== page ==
With the exception of an opening-kickoff return for a score, the Kansas City Chiefs could not have started Sunday’s 30-7 loss to the Cleveland Browns any better.
Instead, Chiefs RB
The 62,422 fans (discounting those from the Chiefs Kingdom) were left jaw-dropped in silence, having been struck by Charles and the Chiefs.
Unlike the historic 18-point comeback against the Saints in the Bayou, the long-distance dash by Charles, created by strong blocking up front, would not lead to a victory; instead, it served as the team’s only score.
Chiefs head coach Romeo Crennel has stressed many things during the season, including his team’s inefficiency in the red zone. The bug struck again in Cleveland.
Kansas City crossed midfield three times all game, including the TD run by Charles. The other two times, the Chiefs had red zone-scoring opportunities thanks to “big plays,” which consisted of gains of at least 20 yards.
Kansas City totaled four “big plays” all game, including Jamaal’s cloud-of-dust TD run. The Chiefs struck two more times on the very next drive, when QB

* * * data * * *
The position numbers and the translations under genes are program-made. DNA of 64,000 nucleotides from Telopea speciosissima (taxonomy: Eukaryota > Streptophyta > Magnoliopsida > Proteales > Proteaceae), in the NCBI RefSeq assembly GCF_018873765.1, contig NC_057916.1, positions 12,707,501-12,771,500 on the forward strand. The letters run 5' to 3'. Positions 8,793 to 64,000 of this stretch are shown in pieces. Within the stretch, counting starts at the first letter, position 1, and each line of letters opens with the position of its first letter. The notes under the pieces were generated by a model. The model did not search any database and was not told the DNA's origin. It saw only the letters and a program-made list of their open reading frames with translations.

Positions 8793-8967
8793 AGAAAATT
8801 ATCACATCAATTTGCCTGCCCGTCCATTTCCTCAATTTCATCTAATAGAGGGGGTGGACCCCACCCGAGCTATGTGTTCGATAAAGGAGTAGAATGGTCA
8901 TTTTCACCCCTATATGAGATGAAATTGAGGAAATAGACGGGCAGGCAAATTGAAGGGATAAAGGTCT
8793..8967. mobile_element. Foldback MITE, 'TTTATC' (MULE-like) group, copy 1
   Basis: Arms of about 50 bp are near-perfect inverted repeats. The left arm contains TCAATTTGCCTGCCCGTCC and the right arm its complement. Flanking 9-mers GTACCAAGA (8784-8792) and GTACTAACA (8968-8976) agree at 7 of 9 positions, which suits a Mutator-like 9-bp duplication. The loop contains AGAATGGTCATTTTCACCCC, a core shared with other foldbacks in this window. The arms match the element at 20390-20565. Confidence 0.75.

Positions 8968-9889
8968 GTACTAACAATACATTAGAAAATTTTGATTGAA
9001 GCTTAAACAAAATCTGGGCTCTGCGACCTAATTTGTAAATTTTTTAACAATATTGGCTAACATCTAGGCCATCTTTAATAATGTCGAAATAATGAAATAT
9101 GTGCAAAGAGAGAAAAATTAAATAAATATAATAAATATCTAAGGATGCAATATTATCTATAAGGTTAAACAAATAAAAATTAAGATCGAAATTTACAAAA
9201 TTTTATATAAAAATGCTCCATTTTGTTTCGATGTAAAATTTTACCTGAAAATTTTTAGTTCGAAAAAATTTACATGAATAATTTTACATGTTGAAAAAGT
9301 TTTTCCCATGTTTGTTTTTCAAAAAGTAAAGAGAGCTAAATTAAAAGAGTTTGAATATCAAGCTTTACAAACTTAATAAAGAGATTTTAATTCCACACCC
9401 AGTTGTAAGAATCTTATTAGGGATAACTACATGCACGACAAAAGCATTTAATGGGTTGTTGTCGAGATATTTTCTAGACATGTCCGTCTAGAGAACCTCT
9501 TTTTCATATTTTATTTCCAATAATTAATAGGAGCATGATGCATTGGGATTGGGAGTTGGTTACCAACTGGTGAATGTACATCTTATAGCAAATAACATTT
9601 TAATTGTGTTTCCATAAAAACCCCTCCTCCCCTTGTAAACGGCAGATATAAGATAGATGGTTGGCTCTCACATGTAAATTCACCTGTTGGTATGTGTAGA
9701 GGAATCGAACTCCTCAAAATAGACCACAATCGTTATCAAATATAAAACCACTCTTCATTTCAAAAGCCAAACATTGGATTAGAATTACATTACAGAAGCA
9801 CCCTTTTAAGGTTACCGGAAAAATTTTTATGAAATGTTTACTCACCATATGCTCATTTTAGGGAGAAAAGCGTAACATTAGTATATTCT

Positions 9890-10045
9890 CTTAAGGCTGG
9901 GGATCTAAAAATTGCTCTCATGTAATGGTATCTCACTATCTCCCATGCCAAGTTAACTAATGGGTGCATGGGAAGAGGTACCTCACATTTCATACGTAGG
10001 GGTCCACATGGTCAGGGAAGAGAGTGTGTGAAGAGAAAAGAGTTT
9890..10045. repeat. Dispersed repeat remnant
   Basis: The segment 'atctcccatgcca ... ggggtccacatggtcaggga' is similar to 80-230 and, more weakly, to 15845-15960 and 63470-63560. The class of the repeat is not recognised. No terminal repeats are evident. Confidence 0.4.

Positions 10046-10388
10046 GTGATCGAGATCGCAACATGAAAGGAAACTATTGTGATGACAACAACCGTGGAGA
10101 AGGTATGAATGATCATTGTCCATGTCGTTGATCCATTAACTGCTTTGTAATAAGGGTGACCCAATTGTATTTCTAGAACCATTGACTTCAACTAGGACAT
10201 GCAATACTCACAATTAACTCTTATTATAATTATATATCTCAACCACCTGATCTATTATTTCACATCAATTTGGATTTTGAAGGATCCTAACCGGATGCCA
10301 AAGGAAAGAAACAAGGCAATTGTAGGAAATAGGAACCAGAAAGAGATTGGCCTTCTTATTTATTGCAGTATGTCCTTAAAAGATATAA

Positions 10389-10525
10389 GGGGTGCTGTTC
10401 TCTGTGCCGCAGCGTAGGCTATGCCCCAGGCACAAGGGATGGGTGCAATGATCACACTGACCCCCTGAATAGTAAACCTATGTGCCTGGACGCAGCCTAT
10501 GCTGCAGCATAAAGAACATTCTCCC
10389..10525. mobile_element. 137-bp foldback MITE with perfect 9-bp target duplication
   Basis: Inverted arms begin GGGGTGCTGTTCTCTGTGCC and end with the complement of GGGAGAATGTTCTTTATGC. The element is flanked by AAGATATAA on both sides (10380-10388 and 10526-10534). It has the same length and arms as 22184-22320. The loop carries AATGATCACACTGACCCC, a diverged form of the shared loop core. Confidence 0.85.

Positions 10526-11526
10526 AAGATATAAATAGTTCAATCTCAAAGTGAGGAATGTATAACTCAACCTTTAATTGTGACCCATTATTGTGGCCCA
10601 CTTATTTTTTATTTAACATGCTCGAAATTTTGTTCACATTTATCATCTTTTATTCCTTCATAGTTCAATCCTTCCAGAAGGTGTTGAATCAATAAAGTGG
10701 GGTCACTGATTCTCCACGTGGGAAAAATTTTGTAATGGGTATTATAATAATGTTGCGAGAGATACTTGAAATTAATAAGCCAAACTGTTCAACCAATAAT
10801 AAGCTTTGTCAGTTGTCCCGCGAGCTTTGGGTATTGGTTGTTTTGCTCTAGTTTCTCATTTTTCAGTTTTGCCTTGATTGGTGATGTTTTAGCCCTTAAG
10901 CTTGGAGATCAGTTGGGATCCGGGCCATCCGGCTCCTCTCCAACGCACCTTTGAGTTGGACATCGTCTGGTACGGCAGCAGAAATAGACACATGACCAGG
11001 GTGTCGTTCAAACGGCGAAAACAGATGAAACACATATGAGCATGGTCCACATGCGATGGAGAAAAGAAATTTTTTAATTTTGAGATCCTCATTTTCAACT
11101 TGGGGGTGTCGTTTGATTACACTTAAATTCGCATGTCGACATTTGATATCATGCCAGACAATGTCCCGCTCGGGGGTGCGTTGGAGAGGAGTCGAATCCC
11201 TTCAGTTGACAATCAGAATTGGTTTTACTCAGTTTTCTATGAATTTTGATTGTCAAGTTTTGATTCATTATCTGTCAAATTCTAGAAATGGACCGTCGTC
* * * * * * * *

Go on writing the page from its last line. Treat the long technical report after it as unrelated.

However, both trips to the red zone led to zero points for the Chiefs. On its second drive of the game, Kansas City moved the ball to Cleveland’s three-yard line, before Chiefs K
Later in the fourth quarter, after Newsome’s 25-yard grab, Quinn was sacked on a fourth-and-eight situation from Cleveland’s 16-yard line and again, the Chiefs came away empty-handed.
Kansas City ended the day with 180 yards rushing and 130 net-passing yards, but the most-telling number on offense was zero, the number of points scored when inside the red zone.
Crennel has talked about Charles being able to score touchdowns the way he did on Sunday, fast. Until the Chiefs combine big-play scores with cashed-in opportunities in the red zone, the offense will continue to be challenged, whether at home or on the road.